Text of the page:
Apr 17, 2019 20:38 UTC
Jun 3, 2019 at 14:29 UTC
Why Can A Global Regulation Not Be Implemented For The Crypto Industry?
As per a study by the Cambridge Centre for Alternative Finance (CCAF) that was released on April 16, the primary reason as to why a clear regulatory policy cannot be implemented is because of the lack of standard global terminology for crypto assets. The report notes that a variety of major terms in the crypto industry is often used interchangeably and may also not have a clear definition, and that hampers global regulatory response.
The research which was conducted with support from the Nomura Research Institute (NRI), provides a detailed analysis of the regulatory landscape on crypto asset activities in 23 jurisdictions. The data was collected mainly through desktop research from November 2018 to early February 2019. The study elaborates that the very term “crypto asset” lacks a specific definition and is widely used as an umbrella term to define digital tokens that are issued and transferred on distributed ledger technology (DLT), specifically blockchain, systems. The research argues that the very terms crypto asset and token, that are used interchangeably, based on the context can pertain to different meanings.
The report basically provides three important contexts for the definition of crypto assets. In a broader sense, the term includes all types of digital tokens issued and distributed on a blockchain. From an intermediate perspective, a crypto asset can refer to all kinds of digital tokens on a blockchain with open access, which does not necessarily need to perform a function. From a narrower viewpoint, crypto assets only refer to digital tokens on open DLT systems that play an essential role in functioning, the report reads.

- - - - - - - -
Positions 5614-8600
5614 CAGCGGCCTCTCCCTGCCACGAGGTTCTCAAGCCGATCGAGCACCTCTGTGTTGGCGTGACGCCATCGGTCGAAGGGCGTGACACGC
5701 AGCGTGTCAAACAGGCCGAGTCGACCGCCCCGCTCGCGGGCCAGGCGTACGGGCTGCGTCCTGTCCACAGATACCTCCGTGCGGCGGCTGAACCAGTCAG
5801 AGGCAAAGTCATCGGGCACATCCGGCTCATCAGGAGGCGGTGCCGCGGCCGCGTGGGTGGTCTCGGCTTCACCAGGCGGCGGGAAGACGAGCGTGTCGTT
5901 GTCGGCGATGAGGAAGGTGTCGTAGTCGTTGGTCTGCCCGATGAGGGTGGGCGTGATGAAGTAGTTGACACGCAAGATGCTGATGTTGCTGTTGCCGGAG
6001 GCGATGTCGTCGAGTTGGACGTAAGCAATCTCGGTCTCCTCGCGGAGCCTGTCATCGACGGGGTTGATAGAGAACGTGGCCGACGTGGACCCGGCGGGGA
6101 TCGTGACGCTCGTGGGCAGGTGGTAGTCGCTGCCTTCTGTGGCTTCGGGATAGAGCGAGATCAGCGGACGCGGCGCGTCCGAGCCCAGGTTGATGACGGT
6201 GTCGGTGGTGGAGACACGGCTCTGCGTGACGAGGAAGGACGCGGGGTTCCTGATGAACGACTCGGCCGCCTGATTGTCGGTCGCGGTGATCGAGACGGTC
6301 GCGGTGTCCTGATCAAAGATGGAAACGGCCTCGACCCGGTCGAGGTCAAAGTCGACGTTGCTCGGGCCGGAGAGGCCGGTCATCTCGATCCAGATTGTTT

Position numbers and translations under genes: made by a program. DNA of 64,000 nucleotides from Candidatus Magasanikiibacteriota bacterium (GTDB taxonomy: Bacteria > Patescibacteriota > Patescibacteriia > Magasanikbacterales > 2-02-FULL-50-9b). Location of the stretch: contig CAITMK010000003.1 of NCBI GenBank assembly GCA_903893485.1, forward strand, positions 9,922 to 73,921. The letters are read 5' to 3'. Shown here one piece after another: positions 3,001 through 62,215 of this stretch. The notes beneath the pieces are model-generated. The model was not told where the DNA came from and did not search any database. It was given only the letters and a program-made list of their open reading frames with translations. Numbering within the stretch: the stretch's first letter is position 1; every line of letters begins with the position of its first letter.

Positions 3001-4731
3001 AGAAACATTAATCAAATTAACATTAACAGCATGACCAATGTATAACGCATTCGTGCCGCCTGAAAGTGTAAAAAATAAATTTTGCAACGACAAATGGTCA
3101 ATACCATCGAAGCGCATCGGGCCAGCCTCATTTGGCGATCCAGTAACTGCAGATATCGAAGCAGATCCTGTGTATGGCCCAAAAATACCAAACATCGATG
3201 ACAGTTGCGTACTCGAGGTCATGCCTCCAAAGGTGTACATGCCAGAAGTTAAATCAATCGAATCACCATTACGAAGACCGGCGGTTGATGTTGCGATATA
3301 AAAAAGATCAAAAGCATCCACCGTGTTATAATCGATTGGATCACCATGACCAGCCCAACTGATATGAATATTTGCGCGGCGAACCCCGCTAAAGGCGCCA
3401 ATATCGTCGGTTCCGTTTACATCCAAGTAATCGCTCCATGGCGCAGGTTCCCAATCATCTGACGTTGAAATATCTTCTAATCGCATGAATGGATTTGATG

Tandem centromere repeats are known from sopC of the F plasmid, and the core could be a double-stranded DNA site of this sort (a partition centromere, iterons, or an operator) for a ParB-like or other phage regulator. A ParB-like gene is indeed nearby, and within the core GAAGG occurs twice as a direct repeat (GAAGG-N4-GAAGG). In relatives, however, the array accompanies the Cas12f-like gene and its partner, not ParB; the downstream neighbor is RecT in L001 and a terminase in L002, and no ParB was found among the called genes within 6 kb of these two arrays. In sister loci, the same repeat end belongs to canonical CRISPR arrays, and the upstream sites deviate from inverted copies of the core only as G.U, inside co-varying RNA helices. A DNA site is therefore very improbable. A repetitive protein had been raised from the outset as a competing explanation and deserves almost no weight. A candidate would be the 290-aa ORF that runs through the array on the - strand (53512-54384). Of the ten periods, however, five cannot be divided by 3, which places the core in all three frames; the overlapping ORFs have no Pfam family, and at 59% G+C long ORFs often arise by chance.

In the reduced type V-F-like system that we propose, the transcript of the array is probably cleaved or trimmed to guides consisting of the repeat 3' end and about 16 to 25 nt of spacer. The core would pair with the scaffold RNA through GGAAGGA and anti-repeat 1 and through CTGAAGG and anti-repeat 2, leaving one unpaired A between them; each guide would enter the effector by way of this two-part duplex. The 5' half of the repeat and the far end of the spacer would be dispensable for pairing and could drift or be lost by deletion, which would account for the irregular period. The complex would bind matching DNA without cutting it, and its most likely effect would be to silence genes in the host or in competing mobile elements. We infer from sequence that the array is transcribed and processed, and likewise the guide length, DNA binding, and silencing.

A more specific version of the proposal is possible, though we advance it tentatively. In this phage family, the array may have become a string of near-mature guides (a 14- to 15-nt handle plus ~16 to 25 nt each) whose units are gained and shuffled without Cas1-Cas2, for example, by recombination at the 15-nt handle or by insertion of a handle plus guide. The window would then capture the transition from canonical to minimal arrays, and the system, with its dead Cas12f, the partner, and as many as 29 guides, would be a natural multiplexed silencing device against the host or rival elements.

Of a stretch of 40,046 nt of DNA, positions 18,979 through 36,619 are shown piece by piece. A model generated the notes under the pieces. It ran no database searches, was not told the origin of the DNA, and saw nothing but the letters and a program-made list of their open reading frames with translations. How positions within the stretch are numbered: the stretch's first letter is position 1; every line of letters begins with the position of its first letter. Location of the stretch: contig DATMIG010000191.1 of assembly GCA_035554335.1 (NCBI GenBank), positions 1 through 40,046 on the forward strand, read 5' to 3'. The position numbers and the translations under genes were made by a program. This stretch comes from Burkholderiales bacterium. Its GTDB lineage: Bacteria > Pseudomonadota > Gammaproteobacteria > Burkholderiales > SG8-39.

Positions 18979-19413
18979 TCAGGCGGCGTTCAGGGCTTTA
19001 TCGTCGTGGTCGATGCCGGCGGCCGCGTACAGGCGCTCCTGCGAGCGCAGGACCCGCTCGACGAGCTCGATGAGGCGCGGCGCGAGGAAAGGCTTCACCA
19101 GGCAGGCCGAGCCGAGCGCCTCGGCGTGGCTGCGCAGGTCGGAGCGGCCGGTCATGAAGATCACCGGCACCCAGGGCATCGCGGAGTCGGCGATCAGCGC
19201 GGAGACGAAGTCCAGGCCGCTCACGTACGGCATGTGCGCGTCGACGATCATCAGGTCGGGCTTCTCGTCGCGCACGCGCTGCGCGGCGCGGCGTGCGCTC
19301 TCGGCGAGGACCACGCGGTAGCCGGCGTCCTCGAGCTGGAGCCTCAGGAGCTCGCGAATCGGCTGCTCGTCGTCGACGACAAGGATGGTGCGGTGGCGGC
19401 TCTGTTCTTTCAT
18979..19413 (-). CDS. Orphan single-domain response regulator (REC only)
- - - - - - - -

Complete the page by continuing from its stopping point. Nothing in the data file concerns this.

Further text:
Moreover, the researchers have outlined three significant challenges that are faced by global regulators of crypto. Before the adoption of clearly defined, standardised terminology, regulatory jurisdictions should first understand the nuances of the different terms and identify the language that is most suitable to their statutory objectives.
The CCAF research also says that 82% of analysed jurisdictions have distinguished crypto assets which have characteristics of a security from other types of cryptos. As a result of that, activities relating to crypto assets that are considered securities are automatically brought under the authority of local securities laws.